In the United Kingdom we are used to thinking of complexes
as either residential, retail or commercial. In Poland the
big retail and commercial centres do exist but on almost
every residential development part or all of the ground
floor is designed and built for offices, shops or services.
It's an historical idea from a time when car use was much
less prevalent and providing the essential amenities on each
estate made good sense. Today residents may have cars but
they still need a small food shop, nursery, language school,
bank or any number of other services for which a car journey
would be an unnecessary trial.
Most modern developments are gated but if the complex is not
large enough to support the commercial units they are often
flipped to face the streets outside thus serving both the
residents in the blocks and those in the surrounding
Polish agents rarely point commercial units out to foreign
buyers, and foreign buyers rarely ask about them, but they
can offer better yields, lower costs over the long term,
less demanding and more stable tenants and capital gain
that is every bit as promising as the residential apartments
on the upper floors.
Yields, in fact, can be as much as twice those for
residential apartments as the cost of purchasing is low and
the businesses that use the units are often extremely
profitable. If you are seeking capital gain and an immediate
cash flow then it is well worth investigating this option
before signing the reservation form on a residential
Also, as most new developments in Poland are finished to a
shell state buyers also need to budget for the fit out and,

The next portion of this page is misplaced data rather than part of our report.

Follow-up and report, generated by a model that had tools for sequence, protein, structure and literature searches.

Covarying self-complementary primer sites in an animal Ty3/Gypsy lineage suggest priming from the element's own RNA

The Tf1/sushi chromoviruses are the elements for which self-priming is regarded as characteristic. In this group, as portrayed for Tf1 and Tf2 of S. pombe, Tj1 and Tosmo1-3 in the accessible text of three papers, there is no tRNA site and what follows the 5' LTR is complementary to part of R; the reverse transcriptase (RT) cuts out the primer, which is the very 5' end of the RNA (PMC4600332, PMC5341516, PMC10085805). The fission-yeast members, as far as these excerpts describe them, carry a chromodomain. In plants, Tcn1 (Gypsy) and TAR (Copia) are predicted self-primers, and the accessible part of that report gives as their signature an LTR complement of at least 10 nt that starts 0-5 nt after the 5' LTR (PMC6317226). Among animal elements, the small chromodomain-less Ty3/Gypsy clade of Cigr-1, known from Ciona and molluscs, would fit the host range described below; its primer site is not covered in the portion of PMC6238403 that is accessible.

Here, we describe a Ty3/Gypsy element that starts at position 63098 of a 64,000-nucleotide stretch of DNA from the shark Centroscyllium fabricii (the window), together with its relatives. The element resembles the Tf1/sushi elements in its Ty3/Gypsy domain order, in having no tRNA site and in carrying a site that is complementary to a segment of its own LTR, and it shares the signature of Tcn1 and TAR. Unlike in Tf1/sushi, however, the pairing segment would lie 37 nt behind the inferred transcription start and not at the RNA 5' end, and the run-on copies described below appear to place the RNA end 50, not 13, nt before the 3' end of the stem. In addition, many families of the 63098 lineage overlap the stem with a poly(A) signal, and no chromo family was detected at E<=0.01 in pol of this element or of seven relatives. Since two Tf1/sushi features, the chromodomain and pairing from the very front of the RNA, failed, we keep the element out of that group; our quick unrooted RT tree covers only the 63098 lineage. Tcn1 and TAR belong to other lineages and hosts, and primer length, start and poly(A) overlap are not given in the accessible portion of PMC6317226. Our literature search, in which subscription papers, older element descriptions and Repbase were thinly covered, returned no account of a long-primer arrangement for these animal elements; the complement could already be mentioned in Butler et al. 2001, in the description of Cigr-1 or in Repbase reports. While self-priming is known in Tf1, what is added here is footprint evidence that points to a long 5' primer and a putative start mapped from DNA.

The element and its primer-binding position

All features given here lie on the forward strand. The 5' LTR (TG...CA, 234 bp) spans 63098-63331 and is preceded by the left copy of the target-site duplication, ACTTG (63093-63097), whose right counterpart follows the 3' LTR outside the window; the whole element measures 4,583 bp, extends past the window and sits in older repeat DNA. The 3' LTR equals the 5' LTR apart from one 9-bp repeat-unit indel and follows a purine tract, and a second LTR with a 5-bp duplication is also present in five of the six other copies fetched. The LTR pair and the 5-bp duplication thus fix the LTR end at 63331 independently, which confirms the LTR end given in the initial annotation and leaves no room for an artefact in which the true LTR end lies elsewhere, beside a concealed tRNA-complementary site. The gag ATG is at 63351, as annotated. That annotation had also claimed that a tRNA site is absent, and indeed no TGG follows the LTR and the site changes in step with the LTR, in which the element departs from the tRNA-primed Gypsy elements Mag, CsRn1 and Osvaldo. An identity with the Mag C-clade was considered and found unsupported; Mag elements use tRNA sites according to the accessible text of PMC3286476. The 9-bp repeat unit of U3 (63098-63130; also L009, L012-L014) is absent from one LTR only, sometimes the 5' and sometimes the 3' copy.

in residential units, the majority of the financial burden
comes from kitchens and bathrooms. In commercial properties
the bathroom is usually small or simply a WC so the cost of
taking a unit from shell to rentable or sellable is much
With less “kit" in the property there is obviously less to
go wrong over the long term. No washing machines to break
down, wardrobes to damage, mattresses to replace and so on.
Commercial units are an ideal, low maintenance buy to let
In residential apartments most tenants are ultimately
looking to buy their own place when they can afford it and
so the turnover of people passing through is inevitably
high. Commercial tenants, on the other hand, are there to
stay and their motivation is to build a stable business. A
longer lease - over a five or ten year period - is much more
common than with residential tenants.
Even if they do decide to move out, it is in their financial
interest to try and sell or lease their business as a going
concern, especially if it is retail or service related, and
so the chances of landlords experiencing vacant periods are
Finally, if you buy your unit in an area popular with
holiday makers, such as Gdansk or Zakopane, and only rent it
to a tourist related business, this comes under the “second
home" rule which means you do not have to apply for a
purchase permit from the government. A café clearly aimed at
tourists, bicycle or ski rental, or a shop with beach goods
are all good potential and leave the investor free to buy
another property elsewhere.
At a time when the herd is heading for residential property,
those who understand the cultural difference in the way
Polish developments are designed are more likely to achieve
a better return both now and in the future and experience
less hassle over the long term.
For solid, reliable and unbiased advice on buying property
in Poland get Tim Hill's essential printed guide at =>
Tim is Mamdom.com's Operations Director managing a team of consultants who help foreign buyers identify and purchase suitable Poland property opportunities for investment, development and relocation. As well as speaking regularly at seminars on the Polish real estate market his comments are often quoted in the domestic and international press. Tim is married and currently lives with his wife, Agnieszka, in the Polish city of Lublin.